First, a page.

365 Nights in Hollywood: Subtle Suicide Stuff

Jimmy Starr began his career in Hollywood in the 1920s, writing the intertitles for silent shorts for producers such as Mack Sennett, the Christie Film Company, and Educational Films Corporation, among others. He also toiled as a gossip and film columnist for the Los Angeles Record in the 1920s and from 1930-1962 for the L.A. Herald-Express.
Starr was also a published author. In the 1940s, he penned a trio of mystery novels, the best known of which, The Corpse Came C.O.D., was made into a movie.
In 1926, Starr authored 365 Nights in Hollywood, a collection of short stories about Hollywood. It was published in a limited edition of 1000, each one signed and numbered by the author, by the David Graham Fischer Corporation, which seems to have been a very small (possibly even a vanity) press.
Here’s “Enterprising Ernie” from that 1926 collection.


The gang was standing in front of the Christie Hotel. It was nine o’clock and hot. Women passed in organdie dresses and men were coatless.
A tall chap with black curly hair said something about Lon Masson, who had quitted this life via the gas route.
Jay, a smart fellow, remarked that he’d be willing to lend another quarter for the gas meter to several fellows he knew for the sake of the community.
Masson had been a gay, handsome fellow and—well, everyone liked him. That was enough in Hollywood. You could eat regularly and perhaps dress cleverly. Everyone admired Lon. He was a “swell guy.”
One morning after a word bout with a certain movie actress, Lon wrote a note saying he was tired—tired of life with all its discouragements and all the rest of the junk. Then he turned on the gas. Slowly he passed into unconsciousness.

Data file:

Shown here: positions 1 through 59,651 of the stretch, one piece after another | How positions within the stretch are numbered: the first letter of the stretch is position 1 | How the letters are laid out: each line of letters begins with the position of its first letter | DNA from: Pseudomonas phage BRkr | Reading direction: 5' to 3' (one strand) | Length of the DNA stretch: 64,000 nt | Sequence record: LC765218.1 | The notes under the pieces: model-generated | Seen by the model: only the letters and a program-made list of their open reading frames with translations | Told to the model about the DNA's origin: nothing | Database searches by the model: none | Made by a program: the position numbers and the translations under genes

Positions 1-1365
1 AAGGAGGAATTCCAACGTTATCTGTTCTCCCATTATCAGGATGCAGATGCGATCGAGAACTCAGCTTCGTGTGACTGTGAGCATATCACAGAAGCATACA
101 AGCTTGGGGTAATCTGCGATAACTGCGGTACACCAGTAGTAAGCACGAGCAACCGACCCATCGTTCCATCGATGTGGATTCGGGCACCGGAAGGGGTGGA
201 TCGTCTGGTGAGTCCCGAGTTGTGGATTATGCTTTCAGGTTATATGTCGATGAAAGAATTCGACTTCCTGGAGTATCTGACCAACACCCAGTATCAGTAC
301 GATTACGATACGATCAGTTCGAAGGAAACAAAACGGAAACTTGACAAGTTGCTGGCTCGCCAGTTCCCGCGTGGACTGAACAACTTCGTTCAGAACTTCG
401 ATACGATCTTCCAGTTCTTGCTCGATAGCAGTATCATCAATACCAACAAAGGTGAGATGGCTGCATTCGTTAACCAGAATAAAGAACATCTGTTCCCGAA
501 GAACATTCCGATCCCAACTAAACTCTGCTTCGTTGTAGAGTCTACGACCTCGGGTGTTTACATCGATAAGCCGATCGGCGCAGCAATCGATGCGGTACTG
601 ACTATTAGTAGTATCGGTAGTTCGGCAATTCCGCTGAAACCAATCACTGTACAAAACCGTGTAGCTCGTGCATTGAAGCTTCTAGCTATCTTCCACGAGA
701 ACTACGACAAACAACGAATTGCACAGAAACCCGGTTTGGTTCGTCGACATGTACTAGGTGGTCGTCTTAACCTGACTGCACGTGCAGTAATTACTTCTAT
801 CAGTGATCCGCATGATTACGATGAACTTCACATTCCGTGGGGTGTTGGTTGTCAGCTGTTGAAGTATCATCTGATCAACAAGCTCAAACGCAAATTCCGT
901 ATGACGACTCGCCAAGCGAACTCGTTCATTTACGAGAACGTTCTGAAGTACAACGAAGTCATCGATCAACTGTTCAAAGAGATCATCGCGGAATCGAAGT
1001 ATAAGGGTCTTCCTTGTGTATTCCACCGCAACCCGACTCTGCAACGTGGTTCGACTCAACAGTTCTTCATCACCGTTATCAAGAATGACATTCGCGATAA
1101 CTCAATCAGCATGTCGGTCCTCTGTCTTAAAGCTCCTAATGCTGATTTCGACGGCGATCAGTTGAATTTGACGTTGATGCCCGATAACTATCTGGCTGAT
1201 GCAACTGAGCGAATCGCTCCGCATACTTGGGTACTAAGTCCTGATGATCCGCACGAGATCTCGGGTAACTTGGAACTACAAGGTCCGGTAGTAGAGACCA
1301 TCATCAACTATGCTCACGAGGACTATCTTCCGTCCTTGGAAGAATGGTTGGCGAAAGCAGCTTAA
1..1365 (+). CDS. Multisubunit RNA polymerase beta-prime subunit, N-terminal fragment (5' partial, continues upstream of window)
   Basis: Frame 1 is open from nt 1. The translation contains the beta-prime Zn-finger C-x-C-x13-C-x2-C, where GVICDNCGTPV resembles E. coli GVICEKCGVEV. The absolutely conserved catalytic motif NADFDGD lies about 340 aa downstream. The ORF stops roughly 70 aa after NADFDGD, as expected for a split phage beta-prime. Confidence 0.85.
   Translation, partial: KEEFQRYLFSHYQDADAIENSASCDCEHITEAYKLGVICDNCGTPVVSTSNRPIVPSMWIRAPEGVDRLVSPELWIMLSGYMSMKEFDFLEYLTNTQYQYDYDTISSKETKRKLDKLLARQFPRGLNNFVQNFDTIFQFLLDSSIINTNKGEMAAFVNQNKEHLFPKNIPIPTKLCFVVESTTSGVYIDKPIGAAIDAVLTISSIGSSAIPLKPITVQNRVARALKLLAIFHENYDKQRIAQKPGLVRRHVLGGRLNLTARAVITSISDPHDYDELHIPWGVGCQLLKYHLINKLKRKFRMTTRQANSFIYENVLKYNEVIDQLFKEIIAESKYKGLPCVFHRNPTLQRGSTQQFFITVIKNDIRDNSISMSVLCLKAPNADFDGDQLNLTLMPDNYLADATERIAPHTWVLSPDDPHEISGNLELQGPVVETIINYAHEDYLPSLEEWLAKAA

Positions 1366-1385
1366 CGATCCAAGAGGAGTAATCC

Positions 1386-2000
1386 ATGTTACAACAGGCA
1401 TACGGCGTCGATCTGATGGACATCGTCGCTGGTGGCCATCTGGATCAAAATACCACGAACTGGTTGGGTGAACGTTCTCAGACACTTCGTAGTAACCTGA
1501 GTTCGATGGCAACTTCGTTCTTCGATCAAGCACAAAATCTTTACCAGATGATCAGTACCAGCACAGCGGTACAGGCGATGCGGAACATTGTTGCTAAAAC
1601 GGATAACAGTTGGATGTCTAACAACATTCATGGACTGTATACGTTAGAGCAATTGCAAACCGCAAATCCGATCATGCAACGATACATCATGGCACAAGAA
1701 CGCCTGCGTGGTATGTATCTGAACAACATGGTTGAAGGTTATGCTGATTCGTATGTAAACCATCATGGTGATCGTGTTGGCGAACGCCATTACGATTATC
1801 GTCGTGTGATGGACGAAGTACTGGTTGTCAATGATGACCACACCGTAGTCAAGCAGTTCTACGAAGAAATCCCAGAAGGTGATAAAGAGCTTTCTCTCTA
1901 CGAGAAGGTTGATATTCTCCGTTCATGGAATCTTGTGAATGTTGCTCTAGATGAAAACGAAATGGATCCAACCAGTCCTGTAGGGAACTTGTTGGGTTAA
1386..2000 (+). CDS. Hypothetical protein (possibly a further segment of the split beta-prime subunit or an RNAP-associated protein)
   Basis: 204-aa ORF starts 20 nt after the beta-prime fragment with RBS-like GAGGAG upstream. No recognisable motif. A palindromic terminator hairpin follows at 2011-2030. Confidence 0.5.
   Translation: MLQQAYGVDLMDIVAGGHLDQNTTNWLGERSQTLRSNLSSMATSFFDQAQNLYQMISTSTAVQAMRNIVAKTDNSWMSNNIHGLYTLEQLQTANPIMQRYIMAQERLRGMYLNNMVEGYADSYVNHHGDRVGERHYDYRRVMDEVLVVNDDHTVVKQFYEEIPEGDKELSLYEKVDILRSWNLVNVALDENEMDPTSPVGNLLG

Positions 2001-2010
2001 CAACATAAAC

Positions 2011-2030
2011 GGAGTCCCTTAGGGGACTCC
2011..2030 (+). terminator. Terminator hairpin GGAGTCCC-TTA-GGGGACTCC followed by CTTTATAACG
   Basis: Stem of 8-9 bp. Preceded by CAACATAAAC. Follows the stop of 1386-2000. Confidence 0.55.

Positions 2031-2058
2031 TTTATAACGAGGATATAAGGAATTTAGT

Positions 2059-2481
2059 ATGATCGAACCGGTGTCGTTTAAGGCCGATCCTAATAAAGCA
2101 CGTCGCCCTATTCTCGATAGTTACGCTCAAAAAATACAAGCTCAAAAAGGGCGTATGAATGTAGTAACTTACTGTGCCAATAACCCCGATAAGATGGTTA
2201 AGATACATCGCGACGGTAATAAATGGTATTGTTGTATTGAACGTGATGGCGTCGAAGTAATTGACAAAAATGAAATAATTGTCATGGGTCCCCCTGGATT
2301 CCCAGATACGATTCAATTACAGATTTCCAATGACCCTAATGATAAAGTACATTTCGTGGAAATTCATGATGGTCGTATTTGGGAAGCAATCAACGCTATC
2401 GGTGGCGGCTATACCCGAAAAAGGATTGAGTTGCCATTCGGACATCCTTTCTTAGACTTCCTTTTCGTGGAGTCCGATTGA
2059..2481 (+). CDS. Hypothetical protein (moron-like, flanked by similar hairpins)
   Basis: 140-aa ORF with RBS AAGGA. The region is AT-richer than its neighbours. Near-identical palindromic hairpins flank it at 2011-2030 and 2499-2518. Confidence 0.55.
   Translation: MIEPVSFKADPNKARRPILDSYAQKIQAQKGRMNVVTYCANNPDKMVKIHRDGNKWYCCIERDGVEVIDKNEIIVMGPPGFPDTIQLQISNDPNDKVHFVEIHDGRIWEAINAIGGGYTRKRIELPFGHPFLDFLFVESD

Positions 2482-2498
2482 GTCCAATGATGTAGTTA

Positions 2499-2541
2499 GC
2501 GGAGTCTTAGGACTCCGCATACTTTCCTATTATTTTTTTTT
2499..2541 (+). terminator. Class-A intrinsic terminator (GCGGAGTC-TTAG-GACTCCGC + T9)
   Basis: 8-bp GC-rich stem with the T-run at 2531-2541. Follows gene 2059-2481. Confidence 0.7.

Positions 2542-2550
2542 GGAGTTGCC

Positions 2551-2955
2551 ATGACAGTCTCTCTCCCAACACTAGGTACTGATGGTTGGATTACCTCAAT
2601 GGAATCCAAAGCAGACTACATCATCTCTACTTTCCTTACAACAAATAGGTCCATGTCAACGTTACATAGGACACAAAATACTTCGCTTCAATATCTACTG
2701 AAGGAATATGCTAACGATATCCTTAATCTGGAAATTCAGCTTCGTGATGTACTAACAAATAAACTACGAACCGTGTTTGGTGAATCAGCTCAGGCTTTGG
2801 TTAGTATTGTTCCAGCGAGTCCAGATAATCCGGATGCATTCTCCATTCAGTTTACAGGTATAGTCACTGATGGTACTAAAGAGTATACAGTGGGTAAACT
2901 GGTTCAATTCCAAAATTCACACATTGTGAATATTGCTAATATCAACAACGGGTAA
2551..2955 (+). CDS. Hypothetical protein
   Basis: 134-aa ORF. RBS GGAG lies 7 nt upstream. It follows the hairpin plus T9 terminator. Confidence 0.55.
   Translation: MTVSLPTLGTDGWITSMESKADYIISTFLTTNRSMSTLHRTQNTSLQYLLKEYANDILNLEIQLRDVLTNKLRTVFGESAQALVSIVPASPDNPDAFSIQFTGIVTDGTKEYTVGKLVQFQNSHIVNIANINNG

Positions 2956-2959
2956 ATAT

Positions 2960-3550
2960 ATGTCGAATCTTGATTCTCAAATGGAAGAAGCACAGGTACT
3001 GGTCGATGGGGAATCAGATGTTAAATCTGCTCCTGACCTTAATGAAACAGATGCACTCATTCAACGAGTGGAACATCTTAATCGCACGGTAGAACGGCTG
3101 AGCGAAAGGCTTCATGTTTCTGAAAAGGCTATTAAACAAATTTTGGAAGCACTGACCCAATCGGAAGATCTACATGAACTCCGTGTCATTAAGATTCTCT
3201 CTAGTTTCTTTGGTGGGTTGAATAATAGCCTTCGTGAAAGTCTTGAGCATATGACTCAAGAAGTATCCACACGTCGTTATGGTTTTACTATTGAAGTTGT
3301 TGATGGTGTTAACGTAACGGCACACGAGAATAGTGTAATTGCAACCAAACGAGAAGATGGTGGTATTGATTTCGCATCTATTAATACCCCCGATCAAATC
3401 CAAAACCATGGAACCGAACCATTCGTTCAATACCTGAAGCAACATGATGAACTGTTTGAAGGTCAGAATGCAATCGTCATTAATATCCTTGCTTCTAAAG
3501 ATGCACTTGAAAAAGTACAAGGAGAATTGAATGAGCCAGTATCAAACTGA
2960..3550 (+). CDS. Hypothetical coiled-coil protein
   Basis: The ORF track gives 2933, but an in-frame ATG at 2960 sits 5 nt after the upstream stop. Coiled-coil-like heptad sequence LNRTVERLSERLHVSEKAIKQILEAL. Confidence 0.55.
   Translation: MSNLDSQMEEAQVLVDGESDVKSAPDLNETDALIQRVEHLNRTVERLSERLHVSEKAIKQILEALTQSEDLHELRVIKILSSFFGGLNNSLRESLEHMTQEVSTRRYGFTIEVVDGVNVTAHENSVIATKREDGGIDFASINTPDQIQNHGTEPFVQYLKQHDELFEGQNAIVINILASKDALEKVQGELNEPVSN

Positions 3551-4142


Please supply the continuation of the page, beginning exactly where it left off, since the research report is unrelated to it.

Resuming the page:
Two of his pals found him. They rushed him to a hospital, but it was too late. They read the note. He left everything to the girl.
The newspaper reporters got excited about the latest Hollywood suicide. Funny that people are just as likely to kill themselves here as in Oshkosh. (But of course Oshkosh hasn’t several thousand press agents.)
Everyone was talking about Lon—poor Lon.
He had said in the note not to lose your sense of humor.
No one seemed to think of his sense of humor. Maybe a few did, but if they did they kept it to themselves.
Lon was subtle.
The note said he left everything to the girl.
His mother was in Havre, France. Many grotesque tales have been written similar to that which Lon had enacted in real life.
Lon had written the last line of a de Maupassant story.
Lon’s mother was coming to Hollywood—to the land which took her son—her only child—from her. What would be her impressions?
Hollywood waited—waited with deep-felt condolence. And welcomed her, with her aching heart and her eyes filled with tears.
Poor Lon!
The note said he left everything to the girl.
Poor Lon!
He had nothing to leave.
A few smile sadly at Lon’s subtle manner.
Poor Lon!
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